Ups and Downtons – My Imaginary Life in Downton Abbey
With Downton Abbey debuting its latest season on PBS this month, I am excited to return to Lord Grantham and the family and see the upstairs/downstairs drama that lies ahead. Will Lady Mary’s new bob bring forth an army of suitors, or will she finally decide on the two contestants left over from last season? Will Lady Edith really give her illegitimate daughter to the local farmer to raise, and does he have a good lawyer to enforce child support? And, after the near sex scene in the finale of season 4, will Mr. Carson and Mrs. Hughes do more than just hold hands at the beach? Oooohhh, that’s like 50 Shades of Grey for this gang.
Though I am generally not given to fantasy of any kind, the return of DA inspired me to think about actually living on the estate. I wonder if my life would be like this…
I am Lady Tina Knowes Best, and I live in Downton Abbey in 2015. Here is an account of my life so you will understand that being titled and wealthy for generations is no picnic. I find it quite taxing at times.
The first sound I hear in the morning is my ladies maid, Hilda, who awakens me gently with a friendly, “Are you awake, Milady?” I am, of course, but it is her job to open my eyes. I cannot be expected to do everything for myself. And I find it ironic that “Milady” sounds so close to “malady.”
We exchange pleasantries, discussing the key issues of the day, such as what will I wear, where and with whom shall I dine, and what taxing chores await me. She helps me dress, carefully buttoning, zipping, and cajoling me into my Milady Spanx. Again, I cannot be expected to do everything for myself.
This day we select a riding outfit, complete with boots, hat and something that looks appropriate in the back of the convertible. Sometimes I even get to drive it. They say you need something called a license, but I’m not sure what that is or how one goes about getting one so I haven’t bothered. Mostly the staff chauffeurs me around. I’ll go to the local village, stop by to visit one of the many local charities I support, or occasionally venture to a store – arranged in advance, of course – to see what cute little numbers I need to supplement my wardrobe. We change clothes on the estate many times in one day, you know, so that 30% off at Kingdom Kohl’s comes in handy. There are day outfits, evening outfits, many black ensembles for when we are in mourning (which is very often, it seems) and the clothes we wear for dinner.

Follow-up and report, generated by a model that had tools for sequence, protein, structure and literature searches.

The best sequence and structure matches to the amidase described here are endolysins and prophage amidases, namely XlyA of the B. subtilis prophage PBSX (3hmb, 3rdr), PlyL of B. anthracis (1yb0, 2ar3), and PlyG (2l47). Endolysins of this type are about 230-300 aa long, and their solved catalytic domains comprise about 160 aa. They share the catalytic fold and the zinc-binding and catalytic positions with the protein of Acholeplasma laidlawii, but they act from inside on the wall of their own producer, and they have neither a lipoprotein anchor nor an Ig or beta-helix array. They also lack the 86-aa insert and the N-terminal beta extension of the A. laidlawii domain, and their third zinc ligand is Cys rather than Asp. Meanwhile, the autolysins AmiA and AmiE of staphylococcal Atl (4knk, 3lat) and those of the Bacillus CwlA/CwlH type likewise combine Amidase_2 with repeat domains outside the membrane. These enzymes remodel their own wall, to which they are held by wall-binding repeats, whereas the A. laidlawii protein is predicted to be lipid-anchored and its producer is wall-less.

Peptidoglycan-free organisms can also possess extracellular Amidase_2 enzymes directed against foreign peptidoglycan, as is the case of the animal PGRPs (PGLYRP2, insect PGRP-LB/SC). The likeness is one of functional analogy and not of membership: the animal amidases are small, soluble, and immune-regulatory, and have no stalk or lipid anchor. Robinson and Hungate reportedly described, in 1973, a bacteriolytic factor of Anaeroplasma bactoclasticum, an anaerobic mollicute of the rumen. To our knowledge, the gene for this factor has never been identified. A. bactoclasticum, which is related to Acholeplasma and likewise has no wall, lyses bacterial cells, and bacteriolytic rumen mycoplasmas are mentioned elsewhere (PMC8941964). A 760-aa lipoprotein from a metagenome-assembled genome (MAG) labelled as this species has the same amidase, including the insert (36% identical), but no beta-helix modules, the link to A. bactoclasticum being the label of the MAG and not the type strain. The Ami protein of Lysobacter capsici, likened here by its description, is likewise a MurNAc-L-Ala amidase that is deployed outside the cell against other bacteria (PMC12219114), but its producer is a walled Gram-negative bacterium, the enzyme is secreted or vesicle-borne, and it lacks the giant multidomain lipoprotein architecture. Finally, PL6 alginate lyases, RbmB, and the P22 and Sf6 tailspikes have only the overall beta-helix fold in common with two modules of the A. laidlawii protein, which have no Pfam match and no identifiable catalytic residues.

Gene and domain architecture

Believe me, the staff has it easy compared to those of us who own the estate. The head of the staff, Mr. Butler, is tough but fair. The staff gets to wear uniforms, they live in the house rent-free, eat their meals at no cost, and get to call us “Milady” or “Your Lordship,” while we have to decide what to wear every day and actually remember their names. And every few years they change – not the names, the people – so we have to learn new names. I find this very taxing. It’s not that we don’t look at them as individuals or have a relationship with them. Some family members in the past have even run off and married staff, though they nearly always died as a result, which tells us what a bad idea that can be. I try to ask about them. For instance, once Hilda’s predecessor – What’shername – came in to wake me and I noticed when she opened my eyes that she was on crutches. I was concerned and immediately asked, “How are you going to take care of me while you are hopping around on those things?”